Colon cancer is the second leading cause of cancer death in both men and women.
As a possible alternative to colonoscopy, a new home test is coming out.
To talk about them is Dr. Cynthia Rudert, a board-certified gastroenterologist in Atlanta, Georgia. She’s been involved in colon cancer screening and treating celiac disease for over 25 years. She’s also a Medical Advisor for the Celiac Disease Foundation, the Gluten Intolerance Group of North America, and Medical Director of the Atlanta Gluten Intolerance Group (GIG), and the Gluten Free Certification Organization (GFCO).
Dr. Mache Seibel: Colon cancer is a bad disease when it gets advanced; but there is the possibility of finding it early and potentially preventing it. Could you share a little information about that?
Dr. Cynthia Rudert: You’re exactly right, Dr. Seibel. It is the second leading cause of cancer death in both men and women, and it is highly preventable when it’s caught early. It’s also the most preventable cancer, but a lot of people eligible for colon cancer screening are not getting screened.
Dr. Seibel: Can you explain why it’s preventable because I think people don’t realize that there are steps to developing colon cancer and they can be diagnosed before colon cancer starts.
Dr. Rudert: Yes, of course. Colon cancer is preventable because it starts typically as a polyp, and polyps are benign, very tiny and they are visible when you look inside the colon with the colonoscope, which is a long flexible tube with a camera on the end, and that allows you to look at the polyps and to remove them. It takes about 10 to 15 years for a polyp to grow big enough to become a malignancy; so you have a long lag time in order to find these lesions.
Dr. Seibel: So, these little fleshy benign growths on the inside of the colon progress in size over 10 or 15 years, and eventually, they change from benign to borderline malignant to malignant tumors that actually can be found when they’re still benign and snipped out.
Dr. Rudert: Correct. And you want to get them when they’re small and easy to remove, because when they are larger and become cancerous, that’s when your life expectancy and the 5-year survival goes from over 90% to lower than 12%. You have a long time to make a huge difference.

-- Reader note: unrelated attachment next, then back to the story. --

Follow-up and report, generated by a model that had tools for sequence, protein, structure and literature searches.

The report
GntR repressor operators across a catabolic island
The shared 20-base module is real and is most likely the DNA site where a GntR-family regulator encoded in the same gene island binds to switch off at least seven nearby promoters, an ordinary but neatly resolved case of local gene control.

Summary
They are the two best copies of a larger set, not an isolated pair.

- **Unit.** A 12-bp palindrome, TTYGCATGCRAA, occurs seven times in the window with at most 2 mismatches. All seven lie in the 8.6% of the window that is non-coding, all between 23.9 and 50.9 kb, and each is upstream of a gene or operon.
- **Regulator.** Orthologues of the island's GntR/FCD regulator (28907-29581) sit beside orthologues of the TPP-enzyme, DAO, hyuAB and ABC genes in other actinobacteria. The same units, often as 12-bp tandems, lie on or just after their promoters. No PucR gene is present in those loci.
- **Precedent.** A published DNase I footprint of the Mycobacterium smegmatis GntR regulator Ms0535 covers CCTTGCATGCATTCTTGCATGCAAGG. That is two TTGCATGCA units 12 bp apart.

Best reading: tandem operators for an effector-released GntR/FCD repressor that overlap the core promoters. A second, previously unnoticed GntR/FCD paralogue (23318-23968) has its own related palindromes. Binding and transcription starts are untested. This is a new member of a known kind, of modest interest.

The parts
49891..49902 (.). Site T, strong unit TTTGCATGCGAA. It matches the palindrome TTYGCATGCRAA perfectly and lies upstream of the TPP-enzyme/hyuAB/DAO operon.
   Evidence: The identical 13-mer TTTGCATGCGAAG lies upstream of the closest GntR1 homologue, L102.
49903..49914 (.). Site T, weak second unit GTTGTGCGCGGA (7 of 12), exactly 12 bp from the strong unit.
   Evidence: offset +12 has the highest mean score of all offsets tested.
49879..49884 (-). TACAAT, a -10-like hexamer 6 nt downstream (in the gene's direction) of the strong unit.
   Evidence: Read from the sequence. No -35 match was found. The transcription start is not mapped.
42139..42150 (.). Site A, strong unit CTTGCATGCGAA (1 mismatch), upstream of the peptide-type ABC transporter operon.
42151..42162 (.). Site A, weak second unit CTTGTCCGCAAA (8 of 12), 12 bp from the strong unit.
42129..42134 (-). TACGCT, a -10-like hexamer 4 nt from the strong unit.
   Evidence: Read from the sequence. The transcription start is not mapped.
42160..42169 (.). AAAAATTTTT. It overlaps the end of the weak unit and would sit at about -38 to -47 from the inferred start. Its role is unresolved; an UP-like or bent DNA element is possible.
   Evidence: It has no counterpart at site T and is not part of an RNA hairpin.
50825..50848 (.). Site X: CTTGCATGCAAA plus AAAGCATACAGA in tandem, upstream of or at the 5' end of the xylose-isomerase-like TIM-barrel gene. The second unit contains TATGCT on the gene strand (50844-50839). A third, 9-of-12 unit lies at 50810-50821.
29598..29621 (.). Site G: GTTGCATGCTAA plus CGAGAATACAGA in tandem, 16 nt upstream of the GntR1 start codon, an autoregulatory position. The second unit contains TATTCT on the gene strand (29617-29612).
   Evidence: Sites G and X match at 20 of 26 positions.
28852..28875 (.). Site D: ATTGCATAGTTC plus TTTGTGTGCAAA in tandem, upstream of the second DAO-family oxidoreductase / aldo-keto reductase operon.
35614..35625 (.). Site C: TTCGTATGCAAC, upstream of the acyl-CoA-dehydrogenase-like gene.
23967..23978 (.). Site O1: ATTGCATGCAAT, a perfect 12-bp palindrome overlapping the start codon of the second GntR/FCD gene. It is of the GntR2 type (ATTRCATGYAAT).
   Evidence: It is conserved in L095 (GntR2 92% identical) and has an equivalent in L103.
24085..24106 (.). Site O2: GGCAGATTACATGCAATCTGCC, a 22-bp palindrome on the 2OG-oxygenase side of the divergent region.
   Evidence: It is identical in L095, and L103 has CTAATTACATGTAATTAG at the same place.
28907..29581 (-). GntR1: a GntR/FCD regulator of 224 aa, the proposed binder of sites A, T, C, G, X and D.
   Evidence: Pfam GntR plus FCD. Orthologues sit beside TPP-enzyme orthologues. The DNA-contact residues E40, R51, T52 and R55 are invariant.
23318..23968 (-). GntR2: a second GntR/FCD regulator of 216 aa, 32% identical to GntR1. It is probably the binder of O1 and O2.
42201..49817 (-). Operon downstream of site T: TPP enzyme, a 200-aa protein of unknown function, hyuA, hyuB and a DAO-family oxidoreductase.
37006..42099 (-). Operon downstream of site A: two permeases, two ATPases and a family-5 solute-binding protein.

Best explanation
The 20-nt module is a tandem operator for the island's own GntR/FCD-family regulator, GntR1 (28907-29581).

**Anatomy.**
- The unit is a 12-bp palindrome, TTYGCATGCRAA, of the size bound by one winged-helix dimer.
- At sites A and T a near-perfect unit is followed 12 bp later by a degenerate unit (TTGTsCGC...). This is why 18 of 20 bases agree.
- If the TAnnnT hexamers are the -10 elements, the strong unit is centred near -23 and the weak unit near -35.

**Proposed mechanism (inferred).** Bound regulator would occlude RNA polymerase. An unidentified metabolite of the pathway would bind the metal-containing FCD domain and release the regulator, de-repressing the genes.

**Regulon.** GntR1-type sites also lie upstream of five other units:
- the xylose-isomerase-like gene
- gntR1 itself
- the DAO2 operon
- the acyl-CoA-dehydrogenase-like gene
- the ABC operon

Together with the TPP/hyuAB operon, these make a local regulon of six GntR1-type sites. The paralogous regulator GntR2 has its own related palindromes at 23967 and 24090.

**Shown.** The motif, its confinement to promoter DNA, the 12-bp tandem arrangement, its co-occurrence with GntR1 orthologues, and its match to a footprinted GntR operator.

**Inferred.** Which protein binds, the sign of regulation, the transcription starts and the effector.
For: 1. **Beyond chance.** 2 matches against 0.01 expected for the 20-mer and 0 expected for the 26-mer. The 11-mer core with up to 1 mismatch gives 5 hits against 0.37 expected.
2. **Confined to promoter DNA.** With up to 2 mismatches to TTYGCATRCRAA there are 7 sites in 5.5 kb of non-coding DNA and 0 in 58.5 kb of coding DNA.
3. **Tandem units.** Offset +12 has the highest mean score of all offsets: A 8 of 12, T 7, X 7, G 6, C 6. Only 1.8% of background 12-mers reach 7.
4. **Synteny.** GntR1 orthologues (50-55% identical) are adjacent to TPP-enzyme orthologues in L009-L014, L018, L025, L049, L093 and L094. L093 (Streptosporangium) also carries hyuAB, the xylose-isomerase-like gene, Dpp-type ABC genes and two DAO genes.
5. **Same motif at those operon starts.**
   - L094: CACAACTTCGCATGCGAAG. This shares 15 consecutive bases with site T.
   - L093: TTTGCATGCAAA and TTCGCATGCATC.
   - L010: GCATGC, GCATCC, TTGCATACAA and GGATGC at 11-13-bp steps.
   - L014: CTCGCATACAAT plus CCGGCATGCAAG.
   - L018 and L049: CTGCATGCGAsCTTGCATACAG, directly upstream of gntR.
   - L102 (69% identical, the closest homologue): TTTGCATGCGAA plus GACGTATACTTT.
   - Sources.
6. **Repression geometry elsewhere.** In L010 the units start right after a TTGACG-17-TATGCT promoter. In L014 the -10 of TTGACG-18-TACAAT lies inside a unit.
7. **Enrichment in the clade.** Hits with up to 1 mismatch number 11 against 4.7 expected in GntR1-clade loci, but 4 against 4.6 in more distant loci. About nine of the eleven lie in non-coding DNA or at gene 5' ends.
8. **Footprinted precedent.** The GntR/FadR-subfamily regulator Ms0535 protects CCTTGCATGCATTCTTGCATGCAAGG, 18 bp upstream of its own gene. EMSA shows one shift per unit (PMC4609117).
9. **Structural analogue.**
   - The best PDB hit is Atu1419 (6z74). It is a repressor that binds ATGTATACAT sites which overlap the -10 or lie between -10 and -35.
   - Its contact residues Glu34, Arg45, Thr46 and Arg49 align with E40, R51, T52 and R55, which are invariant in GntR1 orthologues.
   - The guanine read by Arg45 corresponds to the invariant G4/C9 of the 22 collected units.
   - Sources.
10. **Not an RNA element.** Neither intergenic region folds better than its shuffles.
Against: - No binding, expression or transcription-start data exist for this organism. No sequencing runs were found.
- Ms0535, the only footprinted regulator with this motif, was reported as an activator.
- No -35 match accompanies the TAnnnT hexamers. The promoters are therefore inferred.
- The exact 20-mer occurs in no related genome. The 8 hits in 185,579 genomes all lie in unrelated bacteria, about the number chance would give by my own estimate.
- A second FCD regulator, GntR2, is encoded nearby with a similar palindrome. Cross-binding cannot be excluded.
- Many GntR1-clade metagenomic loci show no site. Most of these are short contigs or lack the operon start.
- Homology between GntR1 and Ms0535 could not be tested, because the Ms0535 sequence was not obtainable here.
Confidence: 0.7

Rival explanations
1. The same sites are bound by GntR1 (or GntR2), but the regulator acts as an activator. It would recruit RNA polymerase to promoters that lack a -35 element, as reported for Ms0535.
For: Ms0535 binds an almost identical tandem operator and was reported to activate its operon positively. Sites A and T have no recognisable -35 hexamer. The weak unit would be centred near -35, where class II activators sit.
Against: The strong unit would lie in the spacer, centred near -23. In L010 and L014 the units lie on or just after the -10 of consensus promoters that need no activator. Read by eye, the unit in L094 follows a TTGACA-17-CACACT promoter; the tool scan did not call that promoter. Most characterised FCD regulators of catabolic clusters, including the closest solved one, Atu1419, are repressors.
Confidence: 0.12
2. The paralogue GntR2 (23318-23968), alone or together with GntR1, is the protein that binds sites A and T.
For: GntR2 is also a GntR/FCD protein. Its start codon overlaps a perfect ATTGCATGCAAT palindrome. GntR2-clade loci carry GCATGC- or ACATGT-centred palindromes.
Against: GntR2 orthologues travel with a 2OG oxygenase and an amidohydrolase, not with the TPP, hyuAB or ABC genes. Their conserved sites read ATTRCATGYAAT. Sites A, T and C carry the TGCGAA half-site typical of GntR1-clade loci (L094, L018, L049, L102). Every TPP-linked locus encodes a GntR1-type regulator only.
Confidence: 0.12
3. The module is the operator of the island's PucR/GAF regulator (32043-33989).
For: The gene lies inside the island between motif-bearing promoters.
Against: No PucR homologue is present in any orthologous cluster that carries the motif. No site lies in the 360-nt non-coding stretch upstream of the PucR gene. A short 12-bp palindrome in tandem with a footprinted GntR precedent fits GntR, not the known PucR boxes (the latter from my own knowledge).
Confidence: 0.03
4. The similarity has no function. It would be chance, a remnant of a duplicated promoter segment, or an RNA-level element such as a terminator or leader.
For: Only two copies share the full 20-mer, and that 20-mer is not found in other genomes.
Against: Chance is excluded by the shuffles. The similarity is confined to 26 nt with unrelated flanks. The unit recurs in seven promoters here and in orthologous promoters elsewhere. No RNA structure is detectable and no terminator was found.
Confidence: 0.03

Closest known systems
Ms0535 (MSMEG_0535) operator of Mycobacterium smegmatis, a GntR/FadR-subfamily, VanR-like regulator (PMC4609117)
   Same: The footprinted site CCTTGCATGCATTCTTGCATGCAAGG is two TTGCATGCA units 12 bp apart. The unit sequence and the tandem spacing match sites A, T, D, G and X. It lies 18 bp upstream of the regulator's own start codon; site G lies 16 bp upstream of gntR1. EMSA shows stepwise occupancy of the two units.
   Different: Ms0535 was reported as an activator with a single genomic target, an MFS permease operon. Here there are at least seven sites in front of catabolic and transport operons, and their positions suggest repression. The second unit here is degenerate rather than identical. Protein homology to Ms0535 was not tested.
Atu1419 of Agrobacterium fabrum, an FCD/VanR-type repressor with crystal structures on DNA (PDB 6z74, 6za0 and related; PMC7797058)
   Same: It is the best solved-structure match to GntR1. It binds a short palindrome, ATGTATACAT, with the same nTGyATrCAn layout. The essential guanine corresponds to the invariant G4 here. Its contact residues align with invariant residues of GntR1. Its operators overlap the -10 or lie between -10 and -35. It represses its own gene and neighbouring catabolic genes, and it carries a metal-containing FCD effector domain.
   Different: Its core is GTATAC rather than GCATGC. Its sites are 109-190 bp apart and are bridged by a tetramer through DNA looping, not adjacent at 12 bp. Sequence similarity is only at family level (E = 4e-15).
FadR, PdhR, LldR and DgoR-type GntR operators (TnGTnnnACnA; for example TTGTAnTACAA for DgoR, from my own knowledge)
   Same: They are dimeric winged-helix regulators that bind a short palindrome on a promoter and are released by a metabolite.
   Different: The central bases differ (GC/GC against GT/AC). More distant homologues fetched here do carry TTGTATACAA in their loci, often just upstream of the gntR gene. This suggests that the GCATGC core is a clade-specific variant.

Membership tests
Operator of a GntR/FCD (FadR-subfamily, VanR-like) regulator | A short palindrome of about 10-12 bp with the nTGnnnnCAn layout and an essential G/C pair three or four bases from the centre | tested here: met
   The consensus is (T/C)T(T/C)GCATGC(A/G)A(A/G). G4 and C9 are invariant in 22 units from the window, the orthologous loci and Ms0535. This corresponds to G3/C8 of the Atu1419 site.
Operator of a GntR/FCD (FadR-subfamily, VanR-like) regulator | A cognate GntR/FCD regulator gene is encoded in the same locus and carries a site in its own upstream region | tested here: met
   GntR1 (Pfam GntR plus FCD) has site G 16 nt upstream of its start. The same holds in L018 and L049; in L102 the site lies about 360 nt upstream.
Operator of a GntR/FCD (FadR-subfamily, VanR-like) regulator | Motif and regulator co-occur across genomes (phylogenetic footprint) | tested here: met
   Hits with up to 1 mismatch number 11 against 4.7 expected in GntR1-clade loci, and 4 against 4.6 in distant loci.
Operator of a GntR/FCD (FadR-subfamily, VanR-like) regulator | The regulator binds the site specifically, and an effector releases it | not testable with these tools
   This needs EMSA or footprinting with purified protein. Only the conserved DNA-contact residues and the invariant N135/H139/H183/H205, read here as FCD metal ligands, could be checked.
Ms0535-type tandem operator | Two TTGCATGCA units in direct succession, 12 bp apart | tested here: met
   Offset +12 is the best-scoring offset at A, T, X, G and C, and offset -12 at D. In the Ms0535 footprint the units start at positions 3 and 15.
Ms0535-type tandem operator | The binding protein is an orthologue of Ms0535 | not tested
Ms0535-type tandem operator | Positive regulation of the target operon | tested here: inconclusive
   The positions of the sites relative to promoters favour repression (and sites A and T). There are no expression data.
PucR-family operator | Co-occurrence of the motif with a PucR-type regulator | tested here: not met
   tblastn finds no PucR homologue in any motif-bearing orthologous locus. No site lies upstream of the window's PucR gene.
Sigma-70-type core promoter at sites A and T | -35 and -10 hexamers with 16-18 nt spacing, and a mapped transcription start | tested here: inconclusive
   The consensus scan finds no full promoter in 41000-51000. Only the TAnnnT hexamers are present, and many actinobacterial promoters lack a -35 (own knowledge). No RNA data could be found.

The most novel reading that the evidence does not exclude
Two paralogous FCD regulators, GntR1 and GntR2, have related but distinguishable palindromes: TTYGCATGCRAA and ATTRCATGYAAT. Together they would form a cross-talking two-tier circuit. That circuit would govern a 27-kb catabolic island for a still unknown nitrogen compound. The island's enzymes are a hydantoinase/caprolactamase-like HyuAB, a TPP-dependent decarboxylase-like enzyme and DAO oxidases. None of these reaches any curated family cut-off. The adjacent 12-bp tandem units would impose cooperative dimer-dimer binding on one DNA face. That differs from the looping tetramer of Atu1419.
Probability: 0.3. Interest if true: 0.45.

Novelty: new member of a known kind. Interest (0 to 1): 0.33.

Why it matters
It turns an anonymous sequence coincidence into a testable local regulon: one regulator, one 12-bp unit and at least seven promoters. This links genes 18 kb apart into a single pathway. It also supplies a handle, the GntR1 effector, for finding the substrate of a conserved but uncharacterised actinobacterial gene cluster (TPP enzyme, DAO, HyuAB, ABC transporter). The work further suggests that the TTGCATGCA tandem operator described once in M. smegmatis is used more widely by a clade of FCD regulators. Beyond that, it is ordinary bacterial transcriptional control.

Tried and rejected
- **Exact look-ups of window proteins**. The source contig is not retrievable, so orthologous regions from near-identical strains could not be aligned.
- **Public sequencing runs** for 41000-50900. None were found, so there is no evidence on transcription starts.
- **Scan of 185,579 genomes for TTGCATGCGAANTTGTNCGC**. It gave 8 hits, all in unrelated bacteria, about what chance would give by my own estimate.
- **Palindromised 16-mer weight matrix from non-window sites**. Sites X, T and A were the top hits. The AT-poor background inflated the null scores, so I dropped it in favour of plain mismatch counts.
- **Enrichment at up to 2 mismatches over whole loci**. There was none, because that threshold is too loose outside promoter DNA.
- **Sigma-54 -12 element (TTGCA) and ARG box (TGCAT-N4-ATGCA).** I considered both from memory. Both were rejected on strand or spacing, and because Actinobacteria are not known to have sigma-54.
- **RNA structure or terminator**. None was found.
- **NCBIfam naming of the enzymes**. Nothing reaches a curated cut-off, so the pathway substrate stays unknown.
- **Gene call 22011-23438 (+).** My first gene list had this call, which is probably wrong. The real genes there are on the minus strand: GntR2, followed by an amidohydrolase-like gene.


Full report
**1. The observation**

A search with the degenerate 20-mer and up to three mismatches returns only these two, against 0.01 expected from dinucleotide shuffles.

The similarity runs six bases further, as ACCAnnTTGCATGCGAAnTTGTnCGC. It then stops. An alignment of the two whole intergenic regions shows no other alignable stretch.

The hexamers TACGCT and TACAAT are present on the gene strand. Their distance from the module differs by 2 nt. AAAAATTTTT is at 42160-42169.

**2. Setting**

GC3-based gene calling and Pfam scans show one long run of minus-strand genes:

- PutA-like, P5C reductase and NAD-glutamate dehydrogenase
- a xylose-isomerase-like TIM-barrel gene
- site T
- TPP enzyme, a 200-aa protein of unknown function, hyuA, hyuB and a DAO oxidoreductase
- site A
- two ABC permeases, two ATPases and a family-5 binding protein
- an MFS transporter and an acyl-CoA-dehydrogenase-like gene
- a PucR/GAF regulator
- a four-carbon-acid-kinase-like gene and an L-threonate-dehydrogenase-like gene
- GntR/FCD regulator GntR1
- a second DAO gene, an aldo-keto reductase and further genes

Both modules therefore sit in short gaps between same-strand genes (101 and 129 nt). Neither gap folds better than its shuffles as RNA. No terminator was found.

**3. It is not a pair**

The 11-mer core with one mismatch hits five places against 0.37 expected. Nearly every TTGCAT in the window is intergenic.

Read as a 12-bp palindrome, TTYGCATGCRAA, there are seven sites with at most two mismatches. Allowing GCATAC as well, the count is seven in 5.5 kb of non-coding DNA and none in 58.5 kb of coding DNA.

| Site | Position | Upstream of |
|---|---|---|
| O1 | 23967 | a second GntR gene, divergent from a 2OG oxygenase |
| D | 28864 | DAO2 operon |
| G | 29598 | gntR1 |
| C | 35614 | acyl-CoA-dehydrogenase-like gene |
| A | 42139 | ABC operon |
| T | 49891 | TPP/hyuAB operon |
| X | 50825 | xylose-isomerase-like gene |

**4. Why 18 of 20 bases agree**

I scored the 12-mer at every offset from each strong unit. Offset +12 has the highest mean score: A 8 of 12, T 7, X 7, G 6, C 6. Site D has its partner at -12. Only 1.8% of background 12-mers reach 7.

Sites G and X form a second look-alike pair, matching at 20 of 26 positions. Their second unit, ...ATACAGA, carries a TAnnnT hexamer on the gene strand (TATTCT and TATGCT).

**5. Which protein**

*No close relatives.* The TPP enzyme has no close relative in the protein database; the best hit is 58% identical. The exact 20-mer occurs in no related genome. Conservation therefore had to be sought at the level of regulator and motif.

Dr. Seibel: Basically, you go from a 9 out of 10 chance of being cured with early diagnosis, to 1 out of 10 chance to being cured late; so that’s a huge difference from likely to cure it, to more not likely to cure it.
Dr. Rudert: That’s exactly correct, and here’s why the majority of people wait a long time to do a colonoscopy: worry, concern about complications, sedation. People are human and don’t want to go in for something when they’re feeling great, and that’s exactly the time you should be screened.
Dr. Seibel: People are embarrassed. My patients say, “I don’t want to think about having a tube poked up my butt.” And they don’t want to think about all those medicines to clean them out; it’s messy, it’s uncomfortable, and it’s got a high yuck factor.
Dr. Rudert: It does. And I do a lot of second and third opinion consults, and it’s amazing the number of people who refuse to be screened. It’s estimated that there’s 23 million Americans that are eligible for colonoscopy that are not getting one. That’s 1 out of every 3 eligible people refusing to have a colonoscopy.
Dr. Seibel: Who should be screened for colon cancer?
Dr. Rudert: Screening is recommended by the American Cancer Society and the Gastroenterology Organization to start on individuals without symptoms at the age of 50; earlier than that if you have a family history, and for African-Americans, 45 years of age. That’s when you should get your first screening.
Dr. Seibel: This is men and women?
Dr. Rudert: Men and women, correct.
Dr. Seibel: So, if you’re 50 and no family history, you’re just a person that happens to be alive at age 50, male or female, you should be getting screened for colon cancer. If you have someone in your family with colon cancer, you should be getting screened at age 40. And, if you’re African-American because of an increased risk, age 45 would be the time to have a colonoscopy.
Dr. Rudert: Absolutely.